RFID and SIP – Potential for Big Improvements for Libraries
Mick Fortune, of RFID-Changing Libraries for Good fame notes that the new data model standard released by ISO just a few weeks ago (ISO 28560) “presents both a threat and an opportunity for suppliers. The threat is obvious. Up until now it has proved too difficult for most libraries to switch suppliers once they have purchased an RFID solution.” With the potential for interoperability between RFID systems, the library RFID marketplace may soon face competition.
Up until now, when libraries chose an RFID vendor, they were stuck with that vendor because each vendor had license to do whatever they wanted with the tags as long as the physical tag followed the 18000 Part 3, Mode 1 standard. Now that we have a standard that provides guidelines for how what to write to the tags (date elements) and *how” to write that data to the tags (encoding), there is an opportunity for interoperability between libraries and competition between RFID vendors.
Mick points out that with the new standard, our RFID solutions could actually be “open” and we could have true interoperability if we commit to using RFID solutions that conform to all the newest standards. As Mick states, “With every supplier inventing their own solution – and consequently supplying their own levels of functionality – switching suppliers (if possible at all) risks losing established functionality.” Well, with a standard data model and encoding method, the risk of losing functionality with a new vendor goes away…theoretically. It all depends on compliance. Thus my recent post about insisting on compliance from your vendor, and if you haven’t chosen an RFID vendor yet…be absolutely sure you make sure they prove 28560-2 compliance.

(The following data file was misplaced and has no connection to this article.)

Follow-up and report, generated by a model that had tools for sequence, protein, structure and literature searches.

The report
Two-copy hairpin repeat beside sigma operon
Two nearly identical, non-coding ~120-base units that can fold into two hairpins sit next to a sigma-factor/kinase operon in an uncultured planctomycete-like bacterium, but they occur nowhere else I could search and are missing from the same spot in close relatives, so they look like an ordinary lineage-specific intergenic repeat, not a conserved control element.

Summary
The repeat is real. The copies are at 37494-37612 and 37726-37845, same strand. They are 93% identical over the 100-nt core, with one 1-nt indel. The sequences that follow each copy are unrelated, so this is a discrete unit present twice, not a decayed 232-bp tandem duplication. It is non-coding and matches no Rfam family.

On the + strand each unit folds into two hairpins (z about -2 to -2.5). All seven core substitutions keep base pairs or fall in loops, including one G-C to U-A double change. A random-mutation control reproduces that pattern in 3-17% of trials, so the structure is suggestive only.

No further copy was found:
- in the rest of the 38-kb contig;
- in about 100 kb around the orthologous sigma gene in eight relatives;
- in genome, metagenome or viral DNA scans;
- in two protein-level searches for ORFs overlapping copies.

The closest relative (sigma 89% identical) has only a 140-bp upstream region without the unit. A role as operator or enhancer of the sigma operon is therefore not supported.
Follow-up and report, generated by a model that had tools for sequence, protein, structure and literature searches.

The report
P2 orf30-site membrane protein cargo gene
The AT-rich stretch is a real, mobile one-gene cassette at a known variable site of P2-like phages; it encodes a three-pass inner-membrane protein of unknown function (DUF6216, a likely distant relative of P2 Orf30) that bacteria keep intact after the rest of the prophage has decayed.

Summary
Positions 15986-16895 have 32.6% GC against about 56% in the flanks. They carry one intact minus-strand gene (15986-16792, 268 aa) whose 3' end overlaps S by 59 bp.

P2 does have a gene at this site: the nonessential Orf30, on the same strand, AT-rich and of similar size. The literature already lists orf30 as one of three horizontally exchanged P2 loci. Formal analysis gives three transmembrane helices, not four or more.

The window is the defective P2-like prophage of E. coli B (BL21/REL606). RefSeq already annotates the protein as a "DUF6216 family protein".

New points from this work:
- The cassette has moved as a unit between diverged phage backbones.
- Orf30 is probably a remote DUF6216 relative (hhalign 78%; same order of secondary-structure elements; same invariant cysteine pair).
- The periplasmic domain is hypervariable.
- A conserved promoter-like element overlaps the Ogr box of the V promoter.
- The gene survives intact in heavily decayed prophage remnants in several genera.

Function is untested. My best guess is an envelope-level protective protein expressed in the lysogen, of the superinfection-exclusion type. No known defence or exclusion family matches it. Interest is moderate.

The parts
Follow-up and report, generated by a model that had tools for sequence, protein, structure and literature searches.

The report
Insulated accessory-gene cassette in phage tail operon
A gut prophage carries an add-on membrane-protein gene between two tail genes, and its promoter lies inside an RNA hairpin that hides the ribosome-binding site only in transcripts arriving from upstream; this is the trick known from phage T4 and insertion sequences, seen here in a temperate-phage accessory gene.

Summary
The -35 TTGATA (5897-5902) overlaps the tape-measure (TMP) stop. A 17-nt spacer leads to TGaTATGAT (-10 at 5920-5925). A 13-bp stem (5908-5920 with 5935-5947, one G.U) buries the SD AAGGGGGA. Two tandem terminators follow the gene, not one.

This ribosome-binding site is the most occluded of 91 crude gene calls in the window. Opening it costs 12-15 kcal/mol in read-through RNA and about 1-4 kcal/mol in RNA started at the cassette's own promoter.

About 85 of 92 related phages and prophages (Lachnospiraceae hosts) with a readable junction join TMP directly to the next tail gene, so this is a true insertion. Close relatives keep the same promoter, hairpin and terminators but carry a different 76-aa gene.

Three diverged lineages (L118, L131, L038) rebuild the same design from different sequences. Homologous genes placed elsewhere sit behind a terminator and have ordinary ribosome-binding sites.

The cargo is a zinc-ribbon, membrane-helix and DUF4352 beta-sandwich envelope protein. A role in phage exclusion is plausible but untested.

But even assuming your vendor is in fact 28560-2 compliant, there’s another challenge. We still have to communicate with the ILS and that means SIP2 and that means we need something better than what we’ve got now.
The good news is that 3M, the original developer SIP, is working on SIP3. 3M has been working with ILS vendors, self-service vendors, payment system and PC management system vendors from around the world to provide input for version 3.0. They report that Version 3.0 “standardizes common extensions used by vendors which will enhance interoperability between library systems, as well as help ensure that vendors can quickly migrate to version 3.0, allowing a faster transition to the latest version in the global marketplace. SIP 3.0 will also provide additional messages and data, allowing for electronic media, line item fine payments, user management (creation, update) and staff overrides.”
Yesterday 3M announced the availability of a discussion board targeting the library community so they can get comments from the field. Anyone interested in joining should send their name, company name and email address to email@example.com with the heading SIP Discussion Board.
If you haven’t been paying attention to library standards and protocols, it is a good time to start doing so. There are a lot of changes afoot and it is going to affect what you can and cannot do with your data. These RFID standards can be used to ensure libraries have more choices and more power in how they use technology to improve their services for customers and optimize the backoffice workflows. But standards are just standards until we adopt them and insist on compliance.
Let’s take advantage of these opportunities to demand vendors demonstrate compliance to 28560-2 and let’s also get a version of SIP that does more for libraries. Your input is needed on both counts.